THE STORY – From writer-director Michel Franco comes a simmering, suspenseful sharp jolt: Alice and Neil Bennett are the core of a wealthy British family on vacation in Acapulco with younger members Colin and Alexa until a distant emergency cuts their trip short. When one relative disrupts the family’s tight-knit order, surprising tensions rise to the fore.
THE CAST – Tim Roth, Charlotte Gainsbourg, Iazua Larios, Henry Goodman, Albertine Kotting McMillan & Samuel Bottomley
THE TEAM – Michel Franco (Director/Writer)
THE RUNNING TIME – 83 Minutes
By Cody Dericks
Writer-director Michel Franco’s new film is the opposite of a feel-good movie. Even though it involves situations in which I’ll likely never find myself, the world that “Sundown” creates around its main character is so bleak and continuously depressing that it left me feeling decidedly down once it was done. Whether this is a testament to the effectiveness of the director’s vision or an argument for it being an exercise in off-putting, maximal nihilism probably depends on what you want to get from your movies.
Neil (Tim Roth) is a wealthy Englishman on vacation in Mexico with his family (Charlotte Gainsbourg, Samuel Bottomley, and Albertine Kotting McMillan). An emergency cuts their trip short, but Neil tells a lie to stay on in Mexico by himself rather than accompany his family back to England. We watch him as he floats through his unplanned alone time, all the while spinning further lies to his sister about being unable to leave the country.
Franco doesn’t reveal much about the characters with explicit exposition. Instead, we learn things when Franco deems them necessary, no matter how far into the movie we may be. This leads to a disorienting effect, wherein relations and character details that are assumed to be one thing turn out to be completely different. This manages to mimic the hazy, careless way that Neil has suddenly decided to live his life. In the same way that he needs to be reminded about what’s important to his family, the audience is only told such things when it becomes essential for other characters to express them to Neil. Franco imbues his filmmaking with subtle moments of direction such as this that aren’t even noticeable right away.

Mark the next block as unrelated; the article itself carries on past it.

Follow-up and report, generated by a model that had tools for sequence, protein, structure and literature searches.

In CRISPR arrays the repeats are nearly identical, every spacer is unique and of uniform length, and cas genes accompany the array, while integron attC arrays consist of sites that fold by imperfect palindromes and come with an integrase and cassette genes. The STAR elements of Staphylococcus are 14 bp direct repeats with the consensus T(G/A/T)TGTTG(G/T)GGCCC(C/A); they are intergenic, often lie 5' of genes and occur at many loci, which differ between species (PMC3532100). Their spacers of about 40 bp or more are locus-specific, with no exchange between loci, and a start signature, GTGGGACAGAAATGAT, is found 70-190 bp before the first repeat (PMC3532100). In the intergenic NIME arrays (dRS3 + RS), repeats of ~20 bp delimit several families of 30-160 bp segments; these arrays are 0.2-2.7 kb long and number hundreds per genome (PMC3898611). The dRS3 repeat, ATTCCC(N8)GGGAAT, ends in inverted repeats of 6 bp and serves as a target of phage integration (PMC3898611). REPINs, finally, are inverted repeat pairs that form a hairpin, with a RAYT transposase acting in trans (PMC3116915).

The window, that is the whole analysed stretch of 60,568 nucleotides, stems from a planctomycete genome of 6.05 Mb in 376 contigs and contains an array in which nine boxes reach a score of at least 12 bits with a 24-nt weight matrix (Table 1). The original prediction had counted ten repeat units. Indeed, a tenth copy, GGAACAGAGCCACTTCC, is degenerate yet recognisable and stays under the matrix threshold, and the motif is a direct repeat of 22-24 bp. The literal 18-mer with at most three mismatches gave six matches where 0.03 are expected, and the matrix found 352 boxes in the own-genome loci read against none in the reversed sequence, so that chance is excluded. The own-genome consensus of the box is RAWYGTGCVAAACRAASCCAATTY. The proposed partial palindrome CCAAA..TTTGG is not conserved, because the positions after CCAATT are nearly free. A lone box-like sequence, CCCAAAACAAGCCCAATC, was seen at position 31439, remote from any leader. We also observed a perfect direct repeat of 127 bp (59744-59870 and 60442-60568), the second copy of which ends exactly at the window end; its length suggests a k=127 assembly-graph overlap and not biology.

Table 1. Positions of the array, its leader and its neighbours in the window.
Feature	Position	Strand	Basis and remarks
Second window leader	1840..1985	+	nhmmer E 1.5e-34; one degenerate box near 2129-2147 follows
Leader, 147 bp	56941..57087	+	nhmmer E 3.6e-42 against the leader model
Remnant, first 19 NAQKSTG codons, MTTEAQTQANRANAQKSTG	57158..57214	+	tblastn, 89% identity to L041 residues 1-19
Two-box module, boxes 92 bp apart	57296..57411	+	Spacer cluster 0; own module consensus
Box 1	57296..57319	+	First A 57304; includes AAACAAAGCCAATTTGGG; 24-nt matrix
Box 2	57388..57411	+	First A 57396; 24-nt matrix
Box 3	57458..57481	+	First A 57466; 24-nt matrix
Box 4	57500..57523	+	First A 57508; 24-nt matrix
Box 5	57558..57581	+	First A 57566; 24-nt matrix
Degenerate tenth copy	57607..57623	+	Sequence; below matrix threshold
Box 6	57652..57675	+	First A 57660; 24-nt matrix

The film also manages to squeeze in a minor exploration of how rich people go through life differently than most. Because of the luxuries that his wealth makes easily attainable, Neil can take plenty of things for granted and make decisions that would ruin most people. He can successfully do something that nearly everyone fantasizes about at one time or another: he escapes from his current life and responsibilities and just disappears. And consequently, the stakes for said decisions are much higher because of his fortune and fame. “Sundown” shows extreme wealth to be a devil’s bargain.
Roth plays a shuffling, hard-to-read shell of a man with surprising magnetism. Even though it’s a distinctly inert character, he’s able to imbue him with a surprising degree of weight. It would be easy for Neil to disappear given his lack of momentum in the script, but Roth keeps him intriguing. He earns both our contempt for his actions and our curiosity as to what he’ll do next. Gainsbourg is magnetic in her limited screen time. Her character lets loose all the emotions that Neil is either bottling up or simply not feeling, and she never goes overboard in her portrayal.
Franco’s camera is non-judgmental, almost to a fault. The actions and consequences of his decidedly unlikeable main character are laid out with little commentary from the creator, which only makes the entire endeavor increasingly bleak. It may actually be too grim, as I was left feeling disturbed and depressed, and not necessarily in a way that highlighted anything unexpected about the story. Still, any film that can evoke such a strong reaction is, by definition, an effective one. Whether audiences find “Sundown” enlightening or enraging, it’s sure to leave an impression.
THE FINAL SCORE
THE GOOD – Tim Roth takes an unlikeable, unreadable character and somehow makes him magnetic in his vacancy. Michel Franco’s direction finds surprising areas of commentary, even with a mostly observational style.
THE BAD – It’s terribly bleak and nihilistic, to the point that following such a character stretches the limits of watchability.